After spending almost three weeks exploring the enigmatic Blue Hole of Belize, Vancouver-based submarine company Aquatica Submarines has created the first 3-D sonar map of the 124-metre-deep sinkhole—a natural crater widely regarded as one of the greatest scuba-diving sites in the world.
Completing 20 dives, the organization’s Stingray 500 submarine ferried a number of people to the Blue Hole’s depths, including Richard Branson, founder of the Virgin Group, and Fabien Costeau, famed aquanaut and grandson of ocean conservation pioneer Jacques-Yves Costeau. Their dive was live-broadcast on the Discovery Channel on December 2, where they discussed the importance of protecting the seas and coral reefs, like those that line the walls of the Blue Hole.
The Belize Blue Hole has been a site of myth and imagination. Significantly deeper than the surrounding water, the location has been a magnet for a myriad of marine life and large underwater creatures that don’t live in the adjacent shallows. Inside the hole is a complex system of caves that once formed on dry land before sea levels rose by about 300 feet during the last Ice Age, which showcase giant stalactites, dripstone sheets, and columns.
Branson was expecting the journey to uncover “Mayan mysteries and myths of monsters and wonder”. Instead, the billionaire businessman found plastic bottles and signs of climate change.
“As for the mythical monsters of the deep? Well, the real monsters facing the ocean are climate change—and plastic,” he wrote. “Sadly, we saw plastic bottles at the bottom of the hole, which is a real scourge of the ocean. We’ve all got to get rid of single-use plastic.
“At 300 feet down you could see the change in the rock where it used to be land and turned into sea,” he continues. “It was one of the starkest reminders of the danger of climate change I’ve ever seen. We then tried to go through a thick hydrogen sulphide layer, which had formed over centuries. It was extremely eerie. We didn’t expect to see any creatures below. But when we got to the bottom we could see crabs, conches and other creatures that had fallen into the hole, arrived on the bottom and then ran out of oxygen and died.”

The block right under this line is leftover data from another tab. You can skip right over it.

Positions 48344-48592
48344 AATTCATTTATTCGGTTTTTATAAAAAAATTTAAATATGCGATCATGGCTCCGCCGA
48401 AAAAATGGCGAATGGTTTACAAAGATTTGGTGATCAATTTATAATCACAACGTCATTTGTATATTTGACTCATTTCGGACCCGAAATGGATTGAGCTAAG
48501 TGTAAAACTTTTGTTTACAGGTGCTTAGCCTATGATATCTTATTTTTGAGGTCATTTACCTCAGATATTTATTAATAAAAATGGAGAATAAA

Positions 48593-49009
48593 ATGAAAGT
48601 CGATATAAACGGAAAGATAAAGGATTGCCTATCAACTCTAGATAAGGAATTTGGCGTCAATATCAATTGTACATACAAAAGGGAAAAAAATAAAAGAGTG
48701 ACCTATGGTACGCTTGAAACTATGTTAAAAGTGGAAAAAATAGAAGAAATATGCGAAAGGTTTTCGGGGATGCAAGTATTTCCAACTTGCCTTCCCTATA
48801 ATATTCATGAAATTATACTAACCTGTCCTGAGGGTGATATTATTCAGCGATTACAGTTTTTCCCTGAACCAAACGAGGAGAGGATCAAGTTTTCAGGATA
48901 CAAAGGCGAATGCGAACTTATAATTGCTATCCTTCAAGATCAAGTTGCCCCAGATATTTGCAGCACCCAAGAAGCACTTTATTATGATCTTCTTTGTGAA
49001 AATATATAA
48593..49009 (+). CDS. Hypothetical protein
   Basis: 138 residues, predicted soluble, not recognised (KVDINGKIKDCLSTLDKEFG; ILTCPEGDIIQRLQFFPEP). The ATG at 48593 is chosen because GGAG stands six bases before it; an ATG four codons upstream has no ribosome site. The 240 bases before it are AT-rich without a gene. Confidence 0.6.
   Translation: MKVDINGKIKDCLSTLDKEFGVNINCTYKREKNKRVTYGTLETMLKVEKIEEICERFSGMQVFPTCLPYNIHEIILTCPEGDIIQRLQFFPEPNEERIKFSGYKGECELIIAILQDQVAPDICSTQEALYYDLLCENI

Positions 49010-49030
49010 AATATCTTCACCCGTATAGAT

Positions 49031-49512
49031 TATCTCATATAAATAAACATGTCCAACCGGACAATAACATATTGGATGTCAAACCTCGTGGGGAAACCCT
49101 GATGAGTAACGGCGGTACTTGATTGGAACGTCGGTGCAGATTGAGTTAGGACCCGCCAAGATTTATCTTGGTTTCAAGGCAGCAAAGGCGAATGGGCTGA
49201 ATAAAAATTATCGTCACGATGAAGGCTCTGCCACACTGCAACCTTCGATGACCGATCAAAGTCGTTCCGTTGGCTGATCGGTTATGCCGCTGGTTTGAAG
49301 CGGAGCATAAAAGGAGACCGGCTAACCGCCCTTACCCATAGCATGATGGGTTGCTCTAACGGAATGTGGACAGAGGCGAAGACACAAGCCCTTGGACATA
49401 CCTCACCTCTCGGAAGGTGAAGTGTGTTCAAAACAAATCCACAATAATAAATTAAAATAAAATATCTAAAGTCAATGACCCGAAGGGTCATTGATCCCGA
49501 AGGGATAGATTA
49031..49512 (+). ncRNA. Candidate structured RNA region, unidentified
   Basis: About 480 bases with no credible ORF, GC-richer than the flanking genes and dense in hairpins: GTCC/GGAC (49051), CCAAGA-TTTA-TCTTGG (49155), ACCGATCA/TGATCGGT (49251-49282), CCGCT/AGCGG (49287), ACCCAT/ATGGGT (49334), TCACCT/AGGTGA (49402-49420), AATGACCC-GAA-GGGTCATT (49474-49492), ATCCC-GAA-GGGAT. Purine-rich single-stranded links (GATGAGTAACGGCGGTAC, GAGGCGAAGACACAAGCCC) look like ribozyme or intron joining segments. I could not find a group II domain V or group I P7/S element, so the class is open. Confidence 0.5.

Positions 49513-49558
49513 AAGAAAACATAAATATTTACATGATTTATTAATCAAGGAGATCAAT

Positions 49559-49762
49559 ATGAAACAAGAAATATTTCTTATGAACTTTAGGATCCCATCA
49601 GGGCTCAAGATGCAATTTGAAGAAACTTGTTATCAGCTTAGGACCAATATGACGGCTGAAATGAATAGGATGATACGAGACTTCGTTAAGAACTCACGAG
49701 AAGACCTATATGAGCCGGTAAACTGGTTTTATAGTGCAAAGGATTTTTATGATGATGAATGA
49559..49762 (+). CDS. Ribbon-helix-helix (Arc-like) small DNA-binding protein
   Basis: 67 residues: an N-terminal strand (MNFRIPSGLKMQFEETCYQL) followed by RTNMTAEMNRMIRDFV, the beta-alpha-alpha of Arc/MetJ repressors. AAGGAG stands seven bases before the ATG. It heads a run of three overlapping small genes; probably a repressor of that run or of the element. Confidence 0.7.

As well as its 3-D sonar map, the team gathered information on the water quality and oxygen levels, and recorded high-resolution footage of the interior of the sinkhole.
The trip also aimed to highlight Ocean Unite’s mission to promote conservation awareness and protect at least 30 percent of the world’s oceans by 2030.
Building on the success of the Blue Hole expedition, Aquatica Submarines hopes to bring its innovative submersibles to other international destinations. Its crafts are piloted by humans, and are currently used for scientific, commercial, and recreational pursuits. The company is aiming to put more researchers inside its submarines to examine previously unstudied underwater phenomena firsthand.
“We’ve got some Caribbean expeditions coming up,” says Harvey Flemming, president of Aquatica Submarines. "We’ve got some southern Pacific expeditions coming up—maybe Asia. We’ve got several that are in planning stages right now. [We’re] taking the model that we put together with Belize…and doing other expeditions where we can again create awareness, explore more parts of the ocean, continue validating the submersible aspect, and taking that further—as far as we can.”
Kate Wilson is the technology editor at the Georgia Straight. Follow her on Twitter @KateWilsonSaysMore